Nanotechnology Now

Our NanoNews Digest Sponsors



Heifer International

Wikipedia Affiliate Button


android tablet pc

Home > Press > Nanotechnology Provides "Green" Path to Environmentally Sustainable Economy

Abstract:
As products made with nanometer-scale materials and devices spread to more industries and markets, there is a growing opportunity and responsibility to leverage nanotechnology to reduce pollution, conserve resources and, ultimately, build a „clean‰ economy, advises a new report from the Project on Emerging Nanotechnologies.

Nanotechnology Provides "Green" Path to Environmentally Sustainable Economy

Washington, DC | Posted on April 26th, 2007

A "strong marriage" between nanotechnology and the principles and practices of green chemistry and green engineering "holds the key to building an environmentally sustainable society in the 21st century," concludes Green Nanotechnology: It's Easier Than You Think. Summarizing proceedings at a national American Chemical Society symposium and four workshops held in 2006, the new report was authored by science writer Karen Schmidt for the Project on Emerging Nanotechnologies, an initiative of the Woodrow Wilson International Center for Scholars and The Pew Charitable Trusts.

The report explores potentially beneficial links between nanotechnology - essentially, science and engineering practiced on the molecular scale - and green chemistry and engineering, which aim to minimize environmental impacts through resource-conserving and waste-eliminating improvements in processes and products. It concludes with recommendations for proactive federal policy measures to help the fast developing field of nanotechnology to "grow up" green.

The report cites examples of research progress toward using nanotechnology to accomplish environmental goals in combination with commercial or other objectives. "With greater ability to manipulate matter and tailor properties, it should be possible to make products and processes with reduced toxicity, increased durability and improved energy efficiency," according to the report.

For example, James Hutchison, a University of Oregon chemist, uses DNA molecules in a novel process that holds promise for building nanoscale patterns on silicon chips and other surfaces. The experimental method saves materials and requires less water and solvent than the traditional printing - or lithography - techniques used in the deceptively resource-intensive electronics industry. Other researchers are investigating nanoscale approaches to replace lead and other toxic materials in electronics manufacturing.

Chemist Vicki Colvin and her Rice University colleagues have discovered that 12-nanometer magnetic nanoparticles can remove better than 99 percent of the arsenic in a solution, while their counterparts at Oklahoma State University have engineered nanoscale sensors that can detect pollutants at the level of parts per billion.

Nanotechnology has opened promising new routes for making inexpensive solar cells as well as improving the performance and lowering the cost of fuel cells, eyed as the energy source for cars and trucks of the future. At the same time, work at the nanoscale is leading toward tools for removing toxic materials and cleaning up hazardous waste sites.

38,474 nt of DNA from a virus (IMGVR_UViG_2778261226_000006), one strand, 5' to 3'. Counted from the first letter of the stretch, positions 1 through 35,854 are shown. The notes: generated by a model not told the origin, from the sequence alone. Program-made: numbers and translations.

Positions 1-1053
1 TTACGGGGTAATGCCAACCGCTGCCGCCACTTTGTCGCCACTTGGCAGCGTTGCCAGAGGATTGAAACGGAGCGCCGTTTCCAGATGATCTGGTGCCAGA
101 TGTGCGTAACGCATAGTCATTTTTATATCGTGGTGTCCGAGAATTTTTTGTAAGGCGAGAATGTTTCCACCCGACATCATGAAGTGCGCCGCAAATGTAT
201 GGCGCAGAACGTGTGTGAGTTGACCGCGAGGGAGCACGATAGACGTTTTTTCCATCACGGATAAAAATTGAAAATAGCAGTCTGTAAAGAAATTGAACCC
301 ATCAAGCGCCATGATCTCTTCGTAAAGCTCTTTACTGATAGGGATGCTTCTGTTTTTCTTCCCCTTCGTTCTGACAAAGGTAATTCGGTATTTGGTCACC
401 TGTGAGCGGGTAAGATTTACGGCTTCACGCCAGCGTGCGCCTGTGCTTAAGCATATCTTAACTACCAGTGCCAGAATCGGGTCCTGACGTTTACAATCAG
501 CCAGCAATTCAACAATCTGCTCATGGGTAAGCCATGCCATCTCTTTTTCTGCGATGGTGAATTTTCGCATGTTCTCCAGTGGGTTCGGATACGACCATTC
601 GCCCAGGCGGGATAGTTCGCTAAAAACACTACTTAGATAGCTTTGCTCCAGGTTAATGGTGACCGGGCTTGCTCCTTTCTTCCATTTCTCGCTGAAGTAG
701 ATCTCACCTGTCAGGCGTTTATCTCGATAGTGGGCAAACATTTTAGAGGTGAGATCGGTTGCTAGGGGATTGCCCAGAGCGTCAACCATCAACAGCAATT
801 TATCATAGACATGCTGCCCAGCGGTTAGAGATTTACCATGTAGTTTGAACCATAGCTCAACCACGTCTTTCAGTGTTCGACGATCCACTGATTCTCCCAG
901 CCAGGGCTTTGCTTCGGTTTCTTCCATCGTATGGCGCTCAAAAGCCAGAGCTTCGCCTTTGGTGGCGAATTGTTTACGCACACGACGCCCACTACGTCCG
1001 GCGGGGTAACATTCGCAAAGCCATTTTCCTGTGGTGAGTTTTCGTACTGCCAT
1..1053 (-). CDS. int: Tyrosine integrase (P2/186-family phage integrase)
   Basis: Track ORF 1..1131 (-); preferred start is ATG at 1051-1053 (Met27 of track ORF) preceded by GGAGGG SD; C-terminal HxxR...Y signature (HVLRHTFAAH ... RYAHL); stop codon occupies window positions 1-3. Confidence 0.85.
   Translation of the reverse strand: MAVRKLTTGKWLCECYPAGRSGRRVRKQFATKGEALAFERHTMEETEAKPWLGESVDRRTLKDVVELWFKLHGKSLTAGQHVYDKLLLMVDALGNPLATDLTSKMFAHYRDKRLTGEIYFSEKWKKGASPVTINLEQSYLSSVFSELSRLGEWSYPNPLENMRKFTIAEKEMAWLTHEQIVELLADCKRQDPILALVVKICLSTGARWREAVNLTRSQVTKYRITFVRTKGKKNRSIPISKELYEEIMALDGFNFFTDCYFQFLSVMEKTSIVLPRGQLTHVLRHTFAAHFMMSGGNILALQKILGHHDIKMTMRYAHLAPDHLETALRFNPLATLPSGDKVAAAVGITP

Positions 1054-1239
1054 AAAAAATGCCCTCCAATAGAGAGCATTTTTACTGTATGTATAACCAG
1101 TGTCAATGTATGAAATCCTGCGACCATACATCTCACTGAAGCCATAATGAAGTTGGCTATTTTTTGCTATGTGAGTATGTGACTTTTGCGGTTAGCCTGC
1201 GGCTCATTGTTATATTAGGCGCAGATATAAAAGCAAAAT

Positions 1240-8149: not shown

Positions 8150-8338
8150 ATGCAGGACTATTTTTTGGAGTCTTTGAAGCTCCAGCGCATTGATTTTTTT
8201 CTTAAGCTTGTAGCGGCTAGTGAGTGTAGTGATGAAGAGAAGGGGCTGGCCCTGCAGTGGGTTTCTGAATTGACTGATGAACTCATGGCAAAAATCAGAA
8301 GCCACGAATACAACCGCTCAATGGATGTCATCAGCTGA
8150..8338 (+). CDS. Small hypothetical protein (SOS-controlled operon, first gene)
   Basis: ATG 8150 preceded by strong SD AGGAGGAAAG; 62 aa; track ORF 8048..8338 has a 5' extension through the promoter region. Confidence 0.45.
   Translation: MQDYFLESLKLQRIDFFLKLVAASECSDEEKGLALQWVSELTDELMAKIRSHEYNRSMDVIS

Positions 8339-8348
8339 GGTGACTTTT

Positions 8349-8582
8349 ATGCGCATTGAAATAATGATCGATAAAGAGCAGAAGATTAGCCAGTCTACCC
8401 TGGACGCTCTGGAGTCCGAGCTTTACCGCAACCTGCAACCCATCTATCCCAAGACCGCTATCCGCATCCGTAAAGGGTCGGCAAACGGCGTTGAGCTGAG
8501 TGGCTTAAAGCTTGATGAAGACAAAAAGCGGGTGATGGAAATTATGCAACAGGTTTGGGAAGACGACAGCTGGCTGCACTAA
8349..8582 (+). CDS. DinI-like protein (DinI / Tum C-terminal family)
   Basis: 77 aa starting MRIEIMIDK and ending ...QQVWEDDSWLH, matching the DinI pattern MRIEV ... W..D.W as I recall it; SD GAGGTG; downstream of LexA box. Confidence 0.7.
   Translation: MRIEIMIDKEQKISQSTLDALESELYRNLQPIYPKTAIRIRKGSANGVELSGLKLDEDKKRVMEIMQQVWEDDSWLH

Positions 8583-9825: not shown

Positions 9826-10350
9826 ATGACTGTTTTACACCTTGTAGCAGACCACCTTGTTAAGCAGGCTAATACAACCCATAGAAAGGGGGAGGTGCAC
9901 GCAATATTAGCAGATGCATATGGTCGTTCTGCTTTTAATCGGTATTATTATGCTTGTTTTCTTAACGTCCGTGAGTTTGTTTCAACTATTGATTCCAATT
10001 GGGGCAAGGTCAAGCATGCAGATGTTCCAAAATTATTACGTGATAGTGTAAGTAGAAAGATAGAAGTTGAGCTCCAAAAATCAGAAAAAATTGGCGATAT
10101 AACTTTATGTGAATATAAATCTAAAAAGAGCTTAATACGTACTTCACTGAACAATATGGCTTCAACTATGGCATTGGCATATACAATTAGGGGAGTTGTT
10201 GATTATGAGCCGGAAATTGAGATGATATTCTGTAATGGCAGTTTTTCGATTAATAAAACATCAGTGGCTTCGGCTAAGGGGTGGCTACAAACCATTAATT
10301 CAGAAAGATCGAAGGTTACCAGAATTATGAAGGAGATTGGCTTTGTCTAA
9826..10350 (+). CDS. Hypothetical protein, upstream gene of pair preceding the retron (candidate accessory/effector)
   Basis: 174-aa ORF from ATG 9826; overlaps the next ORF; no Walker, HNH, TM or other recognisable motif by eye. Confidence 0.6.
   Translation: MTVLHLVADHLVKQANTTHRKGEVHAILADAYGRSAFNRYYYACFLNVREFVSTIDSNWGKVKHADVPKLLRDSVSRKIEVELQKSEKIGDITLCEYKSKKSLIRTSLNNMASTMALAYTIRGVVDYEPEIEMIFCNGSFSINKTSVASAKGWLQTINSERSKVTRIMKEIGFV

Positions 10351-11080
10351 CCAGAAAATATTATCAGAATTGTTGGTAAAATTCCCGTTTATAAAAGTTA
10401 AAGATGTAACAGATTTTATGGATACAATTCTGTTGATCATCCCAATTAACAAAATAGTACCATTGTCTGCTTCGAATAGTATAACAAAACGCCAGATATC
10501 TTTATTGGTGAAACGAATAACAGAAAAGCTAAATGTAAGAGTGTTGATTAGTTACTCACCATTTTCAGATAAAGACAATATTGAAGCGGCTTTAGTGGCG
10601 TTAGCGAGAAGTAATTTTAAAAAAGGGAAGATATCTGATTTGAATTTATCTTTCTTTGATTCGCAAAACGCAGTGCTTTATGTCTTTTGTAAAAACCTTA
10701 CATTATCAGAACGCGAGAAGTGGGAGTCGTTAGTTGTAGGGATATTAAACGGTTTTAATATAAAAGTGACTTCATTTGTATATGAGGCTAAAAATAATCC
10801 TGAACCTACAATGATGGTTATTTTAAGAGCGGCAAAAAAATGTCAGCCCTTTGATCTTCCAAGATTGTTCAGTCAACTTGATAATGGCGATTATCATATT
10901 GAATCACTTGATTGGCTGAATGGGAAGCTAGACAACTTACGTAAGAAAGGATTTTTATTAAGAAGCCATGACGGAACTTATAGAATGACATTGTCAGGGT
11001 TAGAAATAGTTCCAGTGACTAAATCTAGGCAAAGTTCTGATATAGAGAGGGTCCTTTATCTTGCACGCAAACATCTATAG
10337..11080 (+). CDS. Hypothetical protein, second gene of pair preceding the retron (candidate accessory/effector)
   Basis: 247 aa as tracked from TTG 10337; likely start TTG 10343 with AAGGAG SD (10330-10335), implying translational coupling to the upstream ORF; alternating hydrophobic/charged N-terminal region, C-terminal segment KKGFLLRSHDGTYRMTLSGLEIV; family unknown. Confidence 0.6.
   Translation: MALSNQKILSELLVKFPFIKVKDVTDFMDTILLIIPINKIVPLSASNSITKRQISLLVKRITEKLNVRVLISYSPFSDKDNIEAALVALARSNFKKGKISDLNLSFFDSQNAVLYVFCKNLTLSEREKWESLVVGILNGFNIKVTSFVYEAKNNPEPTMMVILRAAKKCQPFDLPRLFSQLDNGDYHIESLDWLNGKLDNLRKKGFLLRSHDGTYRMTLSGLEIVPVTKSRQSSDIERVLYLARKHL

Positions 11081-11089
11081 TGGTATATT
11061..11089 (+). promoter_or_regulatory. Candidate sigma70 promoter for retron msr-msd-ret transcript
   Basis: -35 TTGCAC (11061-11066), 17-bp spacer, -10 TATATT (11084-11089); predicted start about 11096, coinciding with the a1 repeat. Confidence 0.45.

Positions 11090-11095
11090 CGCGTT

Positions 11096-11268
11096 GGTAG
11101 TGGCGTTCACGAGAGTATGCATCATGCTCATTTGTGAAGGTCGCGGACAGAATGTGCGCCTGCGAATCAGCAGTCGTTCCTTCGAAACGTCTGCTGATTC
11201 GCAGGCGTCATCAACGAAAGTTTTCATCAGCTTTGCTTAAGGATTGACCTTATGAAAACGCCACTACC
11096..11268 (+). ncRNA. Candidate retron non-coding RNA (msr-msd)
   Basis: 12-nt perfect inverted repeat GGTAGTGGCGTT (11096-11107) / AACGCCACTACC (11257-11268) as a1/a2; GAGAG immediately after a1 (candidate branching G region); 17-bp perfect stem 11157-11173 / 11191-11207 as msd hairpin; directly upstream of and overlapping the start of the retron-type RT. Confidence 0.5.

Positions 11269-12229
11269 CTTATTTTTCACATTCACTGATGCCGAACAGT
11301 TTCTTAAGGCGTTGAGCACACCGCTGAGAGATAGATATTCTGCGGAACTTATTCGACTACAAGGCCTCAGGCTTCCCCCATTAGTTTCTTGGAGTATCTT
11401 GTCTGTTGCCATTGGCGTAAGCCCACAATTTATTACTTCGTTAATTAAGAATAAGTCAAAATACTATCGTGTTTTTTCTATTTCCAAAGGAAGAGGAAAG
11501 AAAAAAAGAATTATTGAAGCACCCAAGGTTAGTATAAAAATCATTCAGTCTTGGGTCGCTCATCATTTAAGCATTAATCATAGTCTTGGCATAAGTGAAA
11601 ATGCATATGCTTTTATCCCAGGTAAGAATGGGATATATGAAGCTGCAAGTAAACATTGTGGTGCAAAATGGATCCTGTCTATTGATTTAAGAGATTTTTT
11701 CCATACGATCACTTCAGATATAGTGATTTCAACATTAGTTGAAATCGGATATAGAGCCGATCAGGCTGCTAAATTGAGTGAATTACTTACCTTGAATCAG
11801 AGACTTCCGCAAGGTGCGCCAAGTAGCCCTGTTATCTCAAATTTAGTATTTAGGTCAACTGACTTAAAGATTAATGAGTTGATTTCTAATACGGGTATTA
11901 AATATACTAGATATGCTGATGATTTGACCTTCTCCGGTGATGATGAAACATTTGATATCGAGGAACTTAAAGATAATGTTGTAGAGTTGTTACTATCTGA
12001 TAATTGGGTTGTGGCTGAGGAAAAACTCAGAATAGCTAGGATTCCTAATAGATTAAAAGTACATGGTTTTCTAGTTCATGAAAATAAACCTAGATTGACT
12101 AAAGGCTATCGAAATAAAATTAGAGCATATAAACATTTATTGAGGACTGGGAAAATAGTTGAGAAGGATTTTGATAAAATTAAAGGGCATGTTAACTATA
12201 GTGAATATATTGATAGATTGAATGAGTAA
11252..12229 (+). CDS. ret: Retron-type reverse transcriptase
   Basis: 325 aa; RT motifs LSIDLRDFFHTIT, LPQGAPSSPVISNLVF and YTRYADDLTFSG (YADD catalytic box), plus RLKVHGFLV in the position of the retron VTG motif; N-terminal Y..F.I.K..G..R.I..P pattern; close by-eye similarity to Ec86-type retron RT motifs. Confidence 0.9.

"Nanotechnology potentially is a doubly green dream.‚ It offers us the opportunity to make products and processes green‚ from the beginning," explained Barbara Karn, an environmental scientist who helped organize the green nanotechnology programs while with the Project on Emerging Nanotechnologies. "It also allows us to substitute more environmentally-friendly chemicals, materials and manufacturing processes for older, more polluting ones."

The report defines four categories in which nanotechnology applications and environmental interests intersect:

* Fostering new nanotechnology-enabled products and processes that are environmentally benign - or "clean and green";
* Managing nanomaterials and their production to minimize potential environmental, health, and safety risks;
* Using nanotechnology to clean up toxic waste site and other legacy pollution problems; and
* Substituting green nanotechnology products for existing products that are less environmentally friendly.

"We think the United States is on track to be a global leader in green nanotech," said David Rejeski, director of the Project on Emerging Nanotechnologies. "The country‚s research and development portfolio should be directed toward this goal. We believe green nanotechnology can not only help protect the environment but also be a source of American jobs and company profits in the future."

Looking ahead, beyond legacy environmental problems of today, the report suggests that the most effective approach to protecting the environment would be to "develop green nano policies that actively promote pollution prevention."

Ranging from developing metrics for evaluating bottom-line environmental impacts to using federal procurement to foster demand for green nanoproducts, the recommended policy steps outlined in the report would help to ensure that the $8.3 billion taxpayer investment in nanotechnology, since the U.S. National Nanotechnology Initiative was established in 2001, pays off for the country and the environment.

"We are on an unsustainable path,‰ said Paul Anastas, director of the American Chemical Society‚s Green Chemistry Institute. „It is not as though nanotechnology will be an option; it is going to be essential for coming up with sustainable technologies."

####

About The Project on Emerging Nanotechnologies